... they have always generated cash. I think they can safely dial in $2M-$3M in FCF which leaves a lot leftover for owners, If management showed more discipline, they can do better. The business is a cash flow machine.

But as capital allocators - and this is no small "but" - it's impatient to sell stock low to buy other companies high and issue add'l shares to do that.

They could make up for it if they would SHOW information, so investors can see if they will GROW the business organically. What I mean to say is they should disclose more information about subscribers.

1, SHOW.  TRAK and CDK REPORT subscriber #'s. MAMS discloses it in the conf calls. ARIS buries a proxy for subscribers - avg rev / dealer - in their investor handout. The figure hasn't changed since 1Q15. The SHOW part is 100% within mgmt's control. Please give us subscriber numbers?

I think the limited visibility due to disclosure explains some of the multiple discount relative to the competition (according to Yahoo! key statistics MAMS trades at 22x trailing EBITDA).

2. GROW. Growth in rev per subscriber would provide evidence that the acquisitions of TCS and TASCO are in fact adding more services that are selling through existing channels.

To date, they appear to have done a good job growing rev / dealer but again they don't disclose enough information to be certain. We only see a static annual figure for # of dealers - most recently at 23,500 at end of 2014 - and based on that they've seem to grow ARPD 18% y/y through F3Q15. But this is a rough guesstimate. Competitors provide details. (and unfortunately grown share count faster than ARPD).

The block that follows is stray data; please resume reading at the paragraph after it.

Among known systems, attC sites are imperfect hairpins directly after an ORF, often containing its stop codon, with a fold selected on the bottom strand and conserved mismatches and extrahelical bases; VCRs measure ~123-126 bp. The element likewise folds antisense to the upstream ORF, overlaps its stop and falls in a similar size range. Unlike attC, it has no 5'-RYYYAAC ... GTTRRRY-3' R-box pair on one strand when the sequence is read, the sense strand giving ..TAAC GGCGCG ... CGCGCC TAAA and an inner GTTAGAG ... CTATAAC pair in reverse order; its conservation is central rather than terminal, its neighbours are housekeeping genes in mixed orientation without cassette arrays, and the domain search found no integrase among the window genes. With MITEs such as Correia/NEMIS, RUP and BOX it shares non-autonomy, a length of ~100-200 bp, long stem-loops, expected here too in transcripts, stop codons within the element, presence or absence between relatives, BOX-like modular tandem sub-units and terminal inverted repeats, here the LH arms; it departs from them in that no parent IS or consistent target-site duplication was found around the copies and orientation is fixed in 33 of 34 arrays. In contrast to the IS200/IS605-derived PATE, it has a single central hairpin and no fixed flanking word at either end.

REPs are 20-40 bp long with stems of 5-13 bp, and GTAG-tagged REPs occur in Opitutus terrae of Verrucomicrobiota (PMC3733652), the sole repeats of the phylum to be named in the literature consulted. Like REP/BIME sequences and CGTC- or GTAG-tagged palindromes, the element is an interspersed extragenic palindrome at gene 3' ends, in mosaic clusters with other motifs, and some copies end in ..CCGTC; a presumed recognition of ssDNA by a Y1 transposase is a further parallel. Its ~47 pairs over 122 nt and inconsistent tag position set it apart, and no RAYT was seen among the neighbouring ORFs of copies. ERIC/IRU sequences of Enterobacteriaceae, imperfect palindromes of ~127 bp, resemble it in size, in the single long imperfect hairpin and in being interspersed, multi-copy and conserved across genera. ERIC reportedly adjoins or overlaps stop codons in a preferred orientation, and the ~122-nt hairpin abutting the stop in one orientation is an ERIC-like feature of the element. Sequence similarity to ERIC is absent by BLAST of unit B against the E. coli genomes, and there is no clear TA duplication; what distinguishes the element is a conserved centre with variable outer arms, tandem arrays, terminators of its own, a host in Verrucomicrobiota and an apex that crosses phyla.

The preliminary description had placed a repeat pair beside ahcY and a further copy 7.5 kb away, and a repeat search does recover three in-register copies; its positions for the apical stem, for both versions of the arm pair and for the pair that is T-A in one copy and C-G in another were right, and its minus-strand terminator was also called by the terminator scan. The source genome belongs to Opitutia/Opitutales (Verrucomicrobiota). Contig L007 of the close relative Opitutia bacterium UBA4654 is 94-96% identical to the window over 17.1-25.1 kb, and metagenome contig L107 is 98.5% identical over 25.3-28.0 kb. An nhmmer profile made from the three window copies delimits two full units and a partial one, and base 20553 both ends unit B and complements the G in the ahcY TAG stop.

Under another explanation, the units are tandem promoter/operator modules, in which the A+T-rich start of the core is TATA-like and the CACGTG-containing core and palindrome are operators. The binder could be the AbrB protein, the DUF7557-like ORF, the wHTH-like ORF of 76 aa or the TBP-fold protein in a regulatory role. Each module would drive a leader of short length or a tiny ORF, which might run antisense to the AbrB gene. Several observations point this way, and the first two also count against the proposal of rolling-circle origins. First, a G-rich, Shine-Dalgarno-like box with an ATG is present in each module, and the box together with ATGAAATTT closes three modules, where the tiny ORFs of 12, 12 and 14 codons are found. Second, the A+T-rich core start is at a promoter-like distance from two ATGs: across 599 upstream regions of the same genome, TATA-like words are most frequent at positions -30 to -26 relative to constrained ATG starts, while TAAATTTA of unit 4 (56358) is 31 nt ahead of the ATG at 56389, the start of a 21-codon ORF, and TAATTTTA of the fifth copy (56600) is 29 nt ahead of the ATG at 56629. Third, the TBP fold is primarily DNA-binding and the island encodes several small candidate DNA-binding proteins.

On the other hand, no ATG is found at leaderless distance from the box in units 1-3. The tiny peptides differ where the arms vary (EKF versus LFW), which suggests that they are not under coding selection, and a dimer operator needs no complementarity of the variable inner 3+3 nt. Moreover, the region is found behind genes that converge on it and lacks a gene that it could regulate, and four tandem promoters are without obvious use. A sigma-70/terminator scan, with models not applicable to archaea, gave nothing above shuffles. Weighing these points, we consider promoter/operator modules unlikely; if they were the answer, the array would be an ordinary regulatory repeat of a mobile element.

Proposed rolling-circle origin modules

In short, mgmt and the board should please follow 3-steps, two of which are fully with it's control ...

STOP the share count dilution
regularly SHOW your historical and quarter end subscribers like your peers do
continue to patiently GROW subscribers organically and via acquisitions

... and this will yield above market returns to investors.

DCi AND WHY THE CATALOG BUSINESS IS ESSENTIAL AND SCALEABLE BUT UNDIFFERENTIATED: DCi is a parts catalog business in the automotive aftermarket sector and is right in CEO Roy Olivier's wheelhouse. He grew up in the catalog business, starting a company in his basement that was sold too soon, and later gobbled up by ProQuest and then SnapOn (I earlier wrote about the CEO's background in the parts catalog / library business http://goo.gl/2yKHlI)

Parts catalogs are funny things; you'd think they're irrelevant in this day and age of free information but access to them is essential for dealers that want to develop a web presence. Let's start with Advance Auto Parts ($AAP), one of the largest distributors of aftermarket auto parts ...

http://shop.advanceautoparts.com/home